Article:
After a difficult Friday, Bagnaia’s day started off well, with the championship leader taking the top slot in Q1 and qualifying for Q2, where he set third quickest time, earning himself a front-row start for the race.

As Martin pulled out a three-second lead at the front, Bagnaia found himself fifth in the chasing group behind Binder (KTM), Di Giannantonio, and Zarco. In the final stages, these four riders were catching Martin, and as they started the final lap, the gap between them was minimal. Zarco dived into the lead at turn 7 to take his maiden MotoGP win and Bagnaia immediately followed him through to grab second place.

Teammate Enea Bastianini, starting twelfth on the grid after a good qualifying session, found it hard to stay with the leading group in the early stages and dropped to fourteenth by mid-race. In the second half, the rider from Rimini recovered to finish tenth.

Francesco Bagnaia (#1 Ducati Lenovo Team) – 2nd
“I’m very happy, it was another difficult weekend but every time we rise, and once again we finished at the front. Johann did an amazing job with the rear tyre, and I was controlling all the laps. I was just missing a bit of traction in the last lap but I’m happy. Martin was on the soft tyre, and I had to think hard at the start, because I knew he would go away. The pace was strong throughout the race, but I kept controlling the rear tyre until the end, and I was right because in a moment I went from fifth to second. It was a race in which I had to be calm because I knew the soft tyre wouldn’t last and finally everything was perfect. Points are always fundamental, now we have 27 on Martin, things can change very quickly so we must be very careful and understand perfectly what is going on. There are four and a half races left so it will be important to remain constant every time.”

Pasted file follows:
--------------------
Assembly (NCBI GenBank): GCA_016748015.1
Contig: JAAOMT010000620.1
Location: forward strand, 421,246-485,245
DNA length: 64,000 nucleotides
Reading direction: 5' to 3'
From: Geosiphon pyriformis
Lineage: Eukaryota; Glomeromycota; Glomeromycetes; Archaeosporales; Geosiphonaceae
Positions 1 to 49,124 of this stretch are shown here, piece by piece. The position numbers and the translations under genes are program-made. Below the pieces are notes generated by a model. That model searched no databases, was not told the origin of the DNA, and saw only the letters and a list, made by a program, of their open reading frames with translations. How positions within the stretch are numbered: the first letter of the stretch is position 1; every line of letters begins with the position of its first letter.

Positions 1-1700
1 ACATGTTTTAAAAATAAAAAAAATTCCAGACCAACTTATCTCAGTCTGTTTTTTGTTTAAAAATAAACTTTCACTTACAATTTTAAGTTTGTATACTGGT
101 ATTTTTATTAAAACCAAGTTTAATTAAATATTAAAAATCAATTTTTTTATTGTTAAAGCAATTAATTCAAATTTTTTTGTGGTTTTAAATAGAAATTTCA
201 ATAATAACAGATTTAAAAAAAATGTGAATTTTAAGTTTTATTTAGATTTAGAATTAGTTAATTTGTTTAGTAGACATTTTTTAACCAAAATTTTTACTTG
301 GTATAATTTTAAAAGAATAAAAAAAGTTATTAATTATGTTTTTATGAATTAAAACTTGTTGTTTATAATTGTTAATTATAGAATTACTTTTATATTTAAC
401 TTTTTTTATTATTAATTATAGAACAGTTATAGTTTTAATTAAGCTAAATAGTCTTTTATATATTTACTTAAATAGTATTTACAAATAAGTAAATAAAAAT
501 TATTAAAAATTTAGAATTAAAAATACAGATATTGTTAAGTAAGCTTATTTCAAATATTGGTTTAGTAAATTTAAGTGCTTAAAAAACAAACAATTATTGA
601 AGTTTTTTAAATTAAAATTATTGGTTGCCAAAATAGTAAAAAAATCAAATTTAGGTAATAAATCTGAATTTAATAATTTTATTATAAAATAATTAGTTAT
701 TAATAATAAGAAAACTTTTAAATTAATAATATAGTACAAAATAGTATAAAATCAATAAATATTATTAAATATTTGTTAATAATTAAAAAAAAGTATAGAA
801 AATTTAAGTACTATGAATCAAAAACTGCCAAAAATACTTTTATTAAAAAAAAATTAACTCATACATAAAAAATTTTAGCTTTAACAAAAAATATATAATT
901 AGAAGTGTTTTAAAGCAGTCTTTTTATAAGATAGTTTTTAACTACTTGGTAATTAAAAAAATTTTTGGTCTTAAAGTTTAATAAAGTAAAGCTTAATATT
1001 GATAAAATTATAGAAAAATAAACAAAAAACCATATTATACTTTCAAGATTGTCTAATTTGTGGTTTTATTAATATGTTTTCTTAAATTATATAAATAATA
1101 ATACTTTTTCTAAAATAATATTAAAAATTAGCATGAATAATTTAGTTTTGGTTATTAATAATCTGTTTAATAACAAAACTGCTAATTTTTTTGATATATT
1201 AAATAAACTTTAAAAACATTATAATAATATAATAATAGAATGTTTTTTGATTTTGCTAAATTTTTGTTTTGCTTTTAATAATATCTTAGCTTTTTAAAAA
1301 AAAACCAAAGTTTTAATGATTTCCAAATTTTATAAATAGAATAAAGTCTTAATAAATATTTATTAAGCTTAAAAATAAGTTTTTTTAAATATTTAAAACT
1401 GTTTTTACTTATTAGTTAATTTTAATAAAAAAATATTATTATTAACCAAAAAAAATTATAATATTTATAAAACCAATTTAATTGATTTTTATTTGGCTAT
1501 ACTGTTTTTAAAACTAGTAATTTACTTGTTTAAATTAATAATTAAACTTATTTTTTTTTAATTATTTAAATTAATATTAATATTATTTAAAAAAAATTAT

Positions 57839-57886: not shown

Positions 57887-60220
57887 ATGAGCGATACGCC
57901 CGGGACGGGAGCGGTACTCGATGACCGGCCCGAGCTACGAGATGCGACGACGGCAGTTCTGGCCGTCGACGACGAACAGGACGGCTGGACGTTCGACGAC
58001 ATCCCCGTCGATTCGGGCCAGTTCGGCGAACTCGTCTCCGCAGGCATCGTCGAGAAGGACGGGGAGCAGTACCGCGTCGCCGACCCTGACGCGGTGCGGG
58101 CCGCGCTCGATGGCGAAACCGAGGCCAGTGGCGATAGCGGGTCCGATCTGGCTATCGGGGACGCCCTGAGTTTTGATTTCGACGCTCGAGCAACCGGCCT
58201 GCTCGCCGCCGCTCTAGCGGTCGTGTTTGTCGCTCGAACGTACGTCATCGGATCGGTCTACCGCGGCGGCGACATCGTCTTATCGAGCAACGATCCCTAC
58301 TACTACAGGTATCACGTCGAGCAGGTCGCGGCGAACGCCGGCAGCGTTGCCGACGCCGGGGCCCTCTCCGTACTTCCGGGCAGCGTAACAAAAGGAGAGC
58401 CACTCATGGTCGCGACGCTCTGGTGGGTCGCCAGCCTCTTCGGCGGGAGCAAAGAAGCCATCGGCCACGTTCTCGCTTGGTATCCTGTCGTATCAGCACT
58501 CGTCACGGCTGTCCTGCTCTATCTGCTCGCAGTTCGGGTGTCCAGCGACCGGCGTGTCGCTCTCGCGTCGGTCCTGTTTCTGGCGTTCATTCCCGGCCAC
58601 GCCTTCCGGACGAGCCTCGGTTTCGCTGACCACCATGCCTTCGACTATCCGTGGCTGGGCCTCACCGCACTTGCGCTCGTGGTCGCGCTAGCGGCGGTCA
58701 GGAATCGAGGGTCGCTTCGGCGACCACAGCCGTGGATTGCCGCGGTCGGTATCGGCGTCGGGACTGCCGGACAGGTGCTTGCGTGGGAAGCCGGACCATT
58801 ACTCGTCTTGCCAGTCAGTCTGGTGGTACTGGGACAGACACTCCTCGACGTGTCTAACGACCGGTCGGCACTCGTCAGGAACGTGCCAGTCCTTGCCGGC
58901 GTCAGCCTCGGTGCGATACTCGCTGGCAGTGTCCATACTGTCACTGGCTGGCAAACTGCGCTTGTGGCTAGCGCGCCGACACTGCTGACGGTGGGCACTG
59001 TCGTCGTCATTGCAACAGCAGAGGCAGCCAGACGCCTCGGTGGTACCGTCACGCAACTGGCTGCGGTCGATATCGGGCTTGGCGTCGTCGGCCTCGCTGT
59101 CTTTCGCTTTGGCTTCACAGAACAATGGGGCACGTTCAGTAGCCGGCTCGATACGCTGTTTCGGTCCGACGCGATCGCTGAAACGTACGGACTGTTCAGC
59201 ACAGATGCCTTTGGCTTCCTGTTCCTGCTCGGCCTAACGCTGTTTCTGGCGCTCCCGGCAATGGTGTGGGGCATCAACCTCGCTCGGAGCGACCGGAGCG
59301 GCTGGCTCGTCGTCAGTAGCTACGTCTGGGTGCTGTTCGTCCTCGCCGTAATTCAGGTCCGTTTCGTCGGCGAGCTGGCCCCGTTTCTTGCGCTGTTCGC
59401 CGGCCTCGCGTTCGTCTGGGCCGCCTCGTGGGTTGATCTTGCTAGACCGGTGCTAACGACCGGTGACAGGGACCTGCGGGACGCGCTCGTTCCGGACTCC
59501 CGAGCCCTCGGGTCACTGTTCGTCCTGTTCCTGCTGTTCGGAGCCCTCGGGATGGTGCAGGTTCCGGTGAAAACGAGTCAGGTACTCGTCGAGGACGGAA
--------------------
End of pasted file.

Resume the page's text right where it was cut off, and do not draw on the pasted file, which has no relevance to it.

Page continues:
Enea Bastianini (#23 Ducati Lenovo Team) – 10th
“I can't be happy, that's for sure. Today it went worse, in the sense there was more grip on the track than yesterday, and I struggled more. I couldn't get the bike to slide the rear, so it was pushing a lot at the front and moving around, consuming the front left of the tyre. The strange thing is that I felt better in the last ten laps than in the first. It was hard to ride like this because I couldn't turn. Evidently, we do well when there is less grip, so we'll look carefully at the data to understand why I went better in the last ten laps compared to the first laps when the tyre should make the difference. I went into this race with much higher expectations, and I had to scale them back, but I know what I can do on the bike, we just have to try to get in tune to work better."

On Sunday, the Ducati Lenovo Team riders will be out on track for ten minutes of warm-up at 09.00 in Australia (00.00 CEST), while the Sprint race, to be held over 13 laps, will start at 13.00 local time (04.00 CEST).
Repsol Honda
Repsol Honda Team work for more after Australia’s first Saturday Grand Prix

Schedule changes made for a busy Saturday in Australia as the Repsol Honda Team contested practice, Qualifying and the Grand Prix all in the same day.